YouTube is a booming online community for sharing and building TV buzz

minted methodshopEveryone loves lonelygirl15. Well, almost everyone. The doe-eyed coquette has almost 10,000 subscribed fans who seemingly adore her every word and roll of the eye.

The wistful teen is the newest on video-sharing phenom’s A-list of self-made, pajama celebrities.

The YouTube pop star calls herself Bree and says she’s a home-schooled high schooler confined to her castle by strict parents. Armed with a pink boa, purple monkey and sidekick danielbeast, aka Daniel, Bree’s video posts have garnered as many as 500,000 page views on one short film. The series, a fixture in the YouTube community, has even generated thousands of spin-off parodies, commentary and conspiracy videos in a community of unlimited growth.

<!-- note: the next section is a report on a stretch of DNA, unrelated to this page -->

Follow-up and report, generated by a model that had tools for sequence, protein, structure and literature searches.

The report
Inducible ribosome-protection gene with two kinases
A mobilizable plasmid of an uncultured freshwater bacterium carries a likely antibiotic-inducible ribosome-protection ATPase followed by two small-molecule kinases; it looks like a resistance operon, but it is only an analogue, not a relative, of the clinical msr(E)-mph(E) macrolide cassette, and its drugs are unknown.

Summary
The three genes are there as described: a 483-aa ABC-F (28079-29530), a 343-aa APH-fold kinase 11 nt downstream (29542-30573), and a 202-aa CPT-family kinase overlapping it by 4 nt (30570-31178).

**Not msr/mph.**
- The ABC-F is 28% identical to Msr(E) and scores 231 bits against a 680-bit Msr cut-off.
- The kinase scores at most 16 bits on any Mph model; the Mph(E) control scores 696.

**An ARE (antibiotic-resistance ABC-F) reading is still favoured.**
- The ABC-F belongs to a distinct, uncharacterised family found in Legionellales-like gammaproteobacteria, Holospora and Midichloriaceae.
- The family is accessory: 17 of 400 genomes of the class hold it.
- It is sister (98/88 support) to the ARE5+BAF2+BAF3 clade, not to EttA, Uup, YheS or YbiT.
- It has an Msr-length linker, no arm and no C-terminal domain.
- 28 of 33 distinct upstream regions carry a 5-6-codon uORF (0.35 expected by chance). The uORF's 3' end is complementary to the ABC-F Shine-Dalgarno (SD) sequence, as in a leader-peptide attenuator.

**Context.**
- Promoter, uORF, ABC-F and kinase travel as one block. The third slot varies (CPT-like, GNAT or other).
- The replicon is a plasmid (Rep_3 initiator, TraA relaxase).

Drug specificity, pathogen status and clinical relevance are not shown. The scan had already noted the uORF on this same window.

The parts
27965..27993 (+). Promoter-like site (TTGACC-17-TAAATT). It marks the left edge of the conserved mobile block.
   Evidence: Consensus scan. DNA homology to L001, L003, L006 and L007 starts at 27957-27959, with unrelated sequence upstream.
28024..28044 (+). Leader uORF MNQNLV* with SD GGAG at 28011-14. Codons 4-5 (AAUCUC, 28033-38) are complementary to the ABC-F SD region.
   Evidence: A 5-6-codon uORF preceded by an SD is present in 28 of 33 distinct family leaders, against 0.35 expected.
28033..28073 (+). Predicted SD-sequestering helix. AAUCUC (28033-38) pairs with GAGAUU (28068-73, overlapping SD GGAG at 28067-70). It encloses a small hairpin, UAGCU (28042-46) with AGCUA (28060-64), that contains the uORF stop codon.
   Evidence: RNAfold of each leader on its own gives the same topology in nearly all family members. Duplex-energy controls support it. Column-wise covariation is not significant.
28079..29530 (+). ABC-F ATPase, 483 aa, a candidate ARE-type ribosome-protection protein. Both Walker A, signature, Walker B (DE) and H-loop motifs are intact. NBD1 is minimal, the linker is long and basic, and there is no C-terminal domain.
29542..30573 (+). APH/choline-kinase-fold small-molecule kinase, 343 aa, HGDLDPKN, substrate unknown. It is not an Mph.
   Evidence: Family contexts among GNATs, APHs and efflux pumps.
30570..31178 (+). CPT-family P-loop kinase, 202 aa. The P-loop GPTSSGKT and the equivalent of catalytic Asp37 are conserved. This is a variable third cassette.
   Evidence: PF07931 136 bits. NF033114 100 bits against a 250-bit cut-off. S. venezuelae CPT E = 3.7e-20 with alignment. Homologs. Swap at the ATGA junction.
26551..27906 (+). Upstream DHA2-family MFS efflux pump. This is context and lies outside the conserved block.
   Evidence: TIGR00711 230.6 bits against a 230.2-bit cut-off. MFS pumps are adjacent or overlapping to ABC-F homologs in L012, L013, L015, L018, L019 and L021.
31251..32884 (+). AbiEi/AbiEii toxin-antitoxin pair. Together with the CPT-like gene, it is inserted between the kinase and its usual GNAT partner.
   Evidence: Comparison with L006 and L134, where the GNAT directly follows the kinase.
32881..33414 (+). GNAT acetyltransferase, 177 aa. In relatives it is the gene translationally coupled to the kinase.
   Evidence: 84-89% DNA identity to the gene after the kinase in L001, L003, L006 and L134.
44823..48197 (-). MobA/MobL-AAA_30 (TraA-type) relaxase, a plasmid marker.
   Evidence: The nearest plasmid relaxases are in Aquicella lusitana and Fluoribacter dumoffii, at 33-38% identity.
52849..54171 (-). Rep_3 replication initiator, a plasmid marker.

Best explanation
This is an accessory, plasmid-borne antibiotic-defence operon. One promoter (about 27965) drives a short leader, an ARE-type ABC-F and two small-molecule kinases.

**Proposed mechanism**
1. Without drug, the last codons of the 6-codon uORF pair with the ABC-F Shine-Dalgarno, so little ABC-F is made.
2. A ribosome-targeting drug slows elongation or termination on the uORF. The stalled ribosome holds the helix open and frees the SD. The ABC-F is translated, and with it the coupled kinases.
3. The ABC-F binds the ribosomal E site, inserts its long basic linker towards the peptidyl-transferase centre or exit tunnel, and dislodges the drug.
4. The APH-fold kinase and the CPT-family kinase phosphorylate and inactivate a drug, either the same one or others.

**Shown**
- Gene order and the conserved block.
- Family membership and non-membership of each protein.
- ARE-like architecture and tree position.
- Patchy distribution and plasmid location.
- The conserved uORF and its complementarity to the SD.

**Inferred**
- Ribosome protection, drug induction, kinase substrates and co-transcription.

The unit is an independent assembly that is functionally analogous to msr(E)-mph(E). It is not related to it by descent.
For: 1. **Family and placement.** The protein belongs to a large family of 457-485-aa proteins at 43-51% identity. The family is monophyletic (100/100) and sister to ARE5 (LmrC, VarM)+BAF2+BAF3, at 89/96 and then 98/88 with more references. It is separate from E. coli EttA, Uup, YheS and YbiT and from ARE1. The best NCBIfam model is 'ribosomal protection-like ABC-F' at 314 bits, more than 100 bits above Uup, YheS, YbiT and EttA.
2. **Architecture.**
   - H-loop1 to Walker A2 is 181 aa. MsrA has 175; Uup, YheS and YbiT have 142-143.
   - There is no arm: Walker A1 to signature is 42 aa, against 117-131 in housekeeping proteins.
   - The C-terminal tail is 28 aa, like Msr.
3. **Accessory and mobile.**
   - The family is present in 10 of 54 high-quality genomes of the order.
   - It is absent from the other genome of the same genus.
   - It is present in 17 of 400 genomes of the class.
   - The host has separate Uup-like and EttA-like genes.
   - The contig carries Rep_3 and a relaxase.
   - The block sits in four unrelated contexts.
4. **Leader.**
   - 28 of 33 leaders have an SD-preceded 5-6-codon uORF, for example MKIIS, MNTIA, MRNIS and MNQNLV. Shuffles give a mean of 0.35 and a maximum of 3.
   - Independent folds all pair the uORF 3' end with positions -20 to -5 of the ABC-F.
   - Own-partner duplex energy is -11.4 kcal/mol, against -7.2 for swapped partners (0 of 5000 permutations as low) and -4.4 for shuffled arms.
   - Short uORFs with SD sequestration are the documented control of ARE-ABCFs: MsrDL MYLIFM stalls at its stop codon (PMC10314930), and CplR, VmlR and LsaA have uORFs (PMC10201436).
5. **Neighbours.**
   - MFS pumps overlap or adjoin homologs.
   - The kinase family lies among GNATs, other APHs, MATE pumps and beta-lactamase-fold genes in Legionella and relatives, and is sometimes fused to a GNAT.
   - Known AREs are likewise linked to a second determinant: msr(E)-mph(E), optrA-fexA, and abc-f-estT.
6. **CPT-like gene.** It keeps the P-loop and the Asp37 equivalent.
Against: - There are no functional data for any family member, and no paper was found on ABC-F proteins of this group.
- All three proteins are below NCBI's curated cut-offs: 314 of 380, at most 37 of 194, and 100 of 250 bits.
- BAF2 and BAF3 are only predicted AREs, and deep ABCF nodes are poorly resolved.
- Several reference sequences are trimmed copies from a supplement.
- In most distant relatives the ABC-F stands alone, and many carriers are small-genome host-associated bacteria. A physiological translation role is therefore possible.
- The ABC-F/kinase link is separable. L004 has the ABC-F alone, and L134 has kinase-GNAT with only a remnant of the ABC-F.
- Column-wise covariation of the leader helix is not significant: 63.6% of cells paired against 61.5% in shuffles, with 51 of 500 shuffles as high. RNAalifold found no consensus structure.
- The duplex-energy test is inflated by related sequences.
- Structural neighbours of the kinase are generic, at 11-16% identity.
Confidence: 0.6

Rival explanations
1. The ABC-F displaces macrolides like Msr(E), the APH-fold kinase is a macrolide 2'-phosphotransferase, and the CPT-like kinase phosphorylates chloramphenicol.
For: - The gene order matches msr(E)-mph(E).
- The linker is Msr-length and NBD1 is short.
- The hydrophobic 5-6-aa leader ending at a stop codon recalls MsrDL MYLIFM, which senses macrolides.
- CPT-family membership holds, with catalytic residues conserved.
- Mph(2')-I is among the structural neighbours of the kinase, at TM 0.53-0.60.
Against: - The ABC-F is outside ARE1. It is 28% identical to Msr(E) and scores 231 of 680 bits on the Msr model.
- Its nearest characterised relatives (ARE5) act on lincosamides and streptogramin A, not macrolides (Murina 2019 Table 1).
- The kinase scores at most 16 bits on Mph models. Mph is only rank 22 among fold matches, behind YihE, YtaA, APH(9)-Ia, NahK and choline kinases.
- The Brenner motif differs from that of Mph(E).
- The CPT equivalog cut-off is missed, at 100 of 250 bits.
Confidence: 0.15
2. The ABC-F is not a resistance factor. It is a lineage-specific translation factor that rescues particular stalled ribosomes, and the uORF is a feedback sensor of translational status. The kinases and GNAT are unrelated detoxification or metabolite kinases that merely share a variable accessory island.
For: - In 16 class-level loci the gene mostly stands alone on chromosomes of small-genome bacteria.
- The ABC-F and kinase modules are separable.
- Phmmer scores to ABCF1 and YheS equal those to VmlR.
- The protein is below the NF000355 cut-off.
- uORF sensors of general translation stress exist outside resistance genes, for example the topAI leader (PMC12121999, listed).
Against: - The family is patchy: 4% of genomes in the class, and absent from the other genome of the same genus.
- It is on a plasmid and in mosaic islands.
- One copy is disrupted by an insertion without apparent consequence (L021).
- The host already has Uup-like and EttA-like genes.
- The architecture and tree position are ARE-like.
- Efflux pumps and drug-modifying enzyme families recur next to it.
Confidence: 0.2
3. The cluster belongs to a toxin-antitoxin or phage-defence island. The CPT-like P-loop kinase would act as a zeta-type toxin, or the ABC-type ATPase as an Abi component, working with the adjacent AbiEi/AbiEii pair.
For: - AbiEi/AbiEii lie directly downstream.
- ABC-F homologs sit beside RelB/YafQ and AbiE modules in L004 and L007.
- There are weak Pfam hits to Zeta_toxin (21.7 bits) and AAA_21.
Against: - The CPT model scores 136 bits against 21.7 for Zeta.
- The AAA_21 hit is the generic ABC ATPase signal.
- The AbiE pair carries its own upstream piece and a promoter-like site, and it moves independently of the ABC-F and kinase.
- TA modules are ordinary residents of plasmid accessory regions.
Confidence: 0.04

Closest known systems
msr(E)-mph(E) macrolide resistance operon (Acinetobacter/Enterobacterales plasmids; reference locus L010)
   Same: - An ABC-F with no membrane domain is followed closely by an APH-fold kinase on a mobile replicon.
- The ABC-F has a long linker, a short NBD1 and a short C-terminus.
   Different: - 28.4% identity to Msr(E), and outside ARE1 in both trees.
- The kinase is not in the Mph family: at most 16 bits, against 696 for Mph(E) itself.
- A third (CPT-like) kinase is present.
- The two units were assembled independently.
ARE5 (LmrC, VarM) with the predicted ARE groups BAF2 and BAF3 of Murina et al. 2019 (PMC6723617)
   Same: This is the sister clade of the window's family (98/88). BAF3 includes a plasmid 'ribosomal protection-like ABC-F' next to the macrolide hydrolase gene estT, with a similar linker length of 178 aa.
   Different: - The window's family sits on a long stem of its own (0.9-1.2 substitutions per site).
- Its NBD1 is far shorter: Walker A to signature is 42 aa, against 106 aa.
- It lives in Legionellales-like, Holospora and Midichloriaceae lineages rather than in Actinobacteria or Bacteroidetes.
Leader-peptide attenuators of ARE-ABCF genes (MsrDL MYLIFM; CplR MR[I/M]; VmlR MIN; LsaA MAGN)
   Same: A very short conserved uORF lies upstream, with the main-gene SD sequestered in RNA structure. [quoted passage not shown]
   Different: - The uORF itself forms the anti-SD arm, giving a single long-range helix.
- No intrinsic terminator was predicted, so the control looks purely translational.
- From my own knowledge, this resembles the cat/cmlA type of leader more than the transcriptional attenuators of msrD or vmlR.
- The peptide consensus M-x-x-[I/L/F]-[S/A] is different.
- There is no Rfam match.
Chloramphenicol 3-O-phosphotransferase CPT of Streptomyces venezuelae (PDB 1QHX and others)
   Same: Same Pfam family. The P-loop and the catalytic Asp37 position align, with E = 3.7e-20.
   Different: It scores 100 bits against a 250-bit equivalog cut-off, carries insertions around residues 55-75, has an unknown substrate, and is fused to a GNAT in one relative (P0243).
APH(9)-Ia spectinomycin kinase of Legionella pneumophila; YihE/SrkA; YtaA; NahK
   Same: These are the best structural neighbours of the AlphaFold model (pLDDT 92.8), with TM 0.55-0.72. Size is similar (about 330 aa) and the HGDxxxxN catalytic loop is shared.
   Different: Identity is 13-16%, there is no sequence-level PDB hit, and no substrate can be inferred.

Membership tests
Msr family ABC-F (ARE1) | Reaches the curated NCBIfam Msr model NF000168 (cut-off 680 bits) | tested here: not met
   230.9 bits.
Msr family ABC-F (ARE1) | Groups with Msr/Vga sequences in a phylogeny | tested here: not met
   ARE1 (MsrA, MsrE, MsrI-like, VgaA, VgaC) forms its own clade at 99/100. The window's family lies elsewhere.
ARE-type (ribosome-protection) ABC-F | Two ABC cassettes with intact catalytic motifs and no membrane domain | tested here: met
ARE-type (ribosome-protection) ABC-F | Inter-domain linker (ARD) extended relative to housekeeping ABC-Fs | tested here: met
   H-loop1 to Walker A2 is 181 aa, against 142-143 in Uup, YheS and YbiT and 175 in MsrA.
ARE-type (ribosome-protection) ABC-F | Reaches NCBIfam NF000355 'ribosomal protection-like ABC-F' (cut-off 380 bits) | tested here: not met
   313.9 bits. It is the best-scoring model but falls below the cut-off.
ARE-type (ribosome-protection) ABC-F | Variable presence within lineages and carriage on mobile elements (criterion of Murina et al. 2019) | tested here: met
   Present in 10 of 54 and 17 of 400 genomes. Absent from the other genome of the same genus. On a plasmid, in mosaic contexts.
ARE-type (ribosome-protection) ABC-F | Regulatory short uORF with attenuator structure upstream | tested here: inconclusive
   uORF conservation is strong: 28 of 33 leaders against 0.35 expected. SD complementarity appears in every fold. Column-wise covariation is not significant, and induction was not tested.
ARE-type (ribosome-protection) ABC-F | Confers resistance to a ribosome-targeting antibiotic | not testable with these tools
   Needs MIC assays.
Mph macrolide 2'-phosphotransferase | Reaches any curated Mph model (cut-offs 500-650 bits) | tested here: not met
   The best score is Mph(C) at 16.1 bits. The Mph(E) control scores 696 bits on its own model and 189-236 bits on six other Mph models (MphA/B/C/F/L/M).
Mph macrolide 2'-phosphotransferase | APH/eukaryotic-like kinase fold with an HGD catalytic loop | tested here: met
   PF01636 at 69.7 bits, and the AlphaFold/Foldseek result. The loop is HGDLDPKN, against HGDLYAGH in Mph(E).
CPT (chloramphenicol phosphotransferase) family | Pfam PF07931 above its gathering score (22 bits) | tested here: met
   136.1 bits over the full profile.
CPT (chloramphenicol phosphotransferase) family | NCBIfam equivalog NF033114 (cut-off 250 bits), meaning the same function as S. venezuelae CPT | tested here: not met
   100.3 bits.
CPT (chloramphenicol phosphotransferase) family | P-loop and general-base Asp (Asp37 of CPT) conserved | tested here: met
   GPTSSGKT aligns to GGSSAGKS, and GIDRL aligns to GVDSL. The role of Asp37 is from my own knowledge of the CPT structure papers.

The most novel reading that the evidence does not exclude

“People in the U.S. are addicted to being famous, and they would kill their own mothers to get on TV,” said William O. Beeman, an anthropology professor at Brown University, in an attempt to explain the phenomenon. “And that’s kind of an extreme view, but there’s something to it. People in the U.S., starting in high school, do like the idea of being popular, or well-known and identifiable.”

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